Younger Chinese sent to school overseas

0 Comment(s)Print E-mail CRI, October 30, 2016
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Students from the Chinese mainland are making up the major share of international students in primary and middle schools of English speaking countries.

According to a report released by education site,, the number of mainland students tops the international students' population in 8 countries.

Mainland students make up a third of the international students in the US and Canada and around a quarter in the UK, Australia and New Zealand.

Around half of the international students in both Japan and South Korea come from the Chinese mainland.

The report also sees a trend of younger Chinese students, aged between 7-18, studying abroad.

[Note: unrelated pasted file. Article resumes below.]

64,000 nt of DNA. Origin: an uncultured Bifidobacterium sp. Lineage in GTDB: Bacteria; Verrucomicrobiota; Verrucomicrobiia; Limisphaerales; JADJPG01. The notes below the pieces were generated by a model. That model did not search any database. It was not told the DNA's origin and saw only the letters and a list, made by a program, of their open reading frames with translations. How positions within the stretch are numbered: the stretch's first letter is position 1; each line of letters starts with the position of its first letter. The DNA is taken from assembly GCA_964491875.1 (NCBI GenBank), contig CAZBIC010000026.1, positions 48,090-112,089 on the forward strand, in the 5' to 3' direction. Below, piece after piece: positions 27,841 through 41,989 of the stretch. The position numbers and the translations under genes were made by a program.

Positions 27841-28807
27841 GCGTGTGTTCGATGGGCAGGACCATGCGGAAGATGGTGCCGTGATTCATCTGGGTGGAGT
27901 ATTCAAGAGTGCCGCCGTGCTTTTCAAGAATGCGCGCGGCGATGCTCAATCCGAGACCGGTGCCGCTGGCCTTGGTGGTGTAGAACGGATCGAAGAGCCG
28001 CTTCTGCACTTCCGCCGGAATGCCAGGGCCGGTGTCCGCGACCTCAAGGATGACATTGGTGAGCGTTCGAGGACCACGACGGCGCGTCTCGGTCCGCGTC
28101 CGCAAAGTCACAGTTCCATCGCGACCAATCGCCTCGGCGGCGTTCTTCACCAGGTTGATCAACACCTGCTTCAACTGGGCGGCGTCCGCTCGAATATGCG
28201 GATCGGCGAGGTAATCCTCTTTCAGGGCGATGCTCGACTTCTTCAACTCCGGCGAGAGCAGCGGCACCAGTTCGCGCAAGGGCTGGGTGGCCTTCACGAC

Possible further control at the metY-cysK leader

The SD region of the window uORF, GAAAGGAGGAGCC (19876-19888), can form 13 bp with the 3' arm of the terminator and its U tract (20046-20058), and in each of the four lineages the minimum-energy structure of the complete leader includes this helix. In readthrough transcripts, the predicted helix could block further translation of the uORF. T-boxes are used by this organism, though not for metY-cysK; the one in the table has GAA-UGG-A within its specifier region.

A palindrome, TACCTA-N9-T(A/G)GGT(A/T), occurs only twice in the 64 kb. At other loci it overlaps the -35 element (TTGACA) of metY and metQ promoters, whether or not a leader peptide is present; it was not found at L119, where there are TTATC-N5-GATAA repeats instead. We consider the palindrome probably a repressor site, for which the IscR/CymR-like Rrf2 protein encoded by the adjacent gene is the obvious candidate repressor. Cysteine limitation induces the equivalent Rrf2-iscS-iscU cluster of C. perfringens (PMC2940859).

In 2015, the number of Chinese mainland students attending primary and middle schools in the US had a double-digit growth.

Knews, a local Chinese media outlet, says more Chinese parents are sending children under 17 to school overseas.

"[Education there] would focus more on students' personal development. They will not place too much focus on scores, ranking or exams," a mother told Knews, as she looked for a British primary school for her child.

Amid their parents' enthusiasm about studying abroad, some students have differing opinions.

"My mother wants me to go to Britain. But I don't want to go because I don't like it," said a 6-year-old girl. Her parents are searching for a good primary school in the UK.

"If I went to a faraway place such as Britain, leaving my parents would be very challenging for me. But I think I will get used to it," said another boy to Knews.

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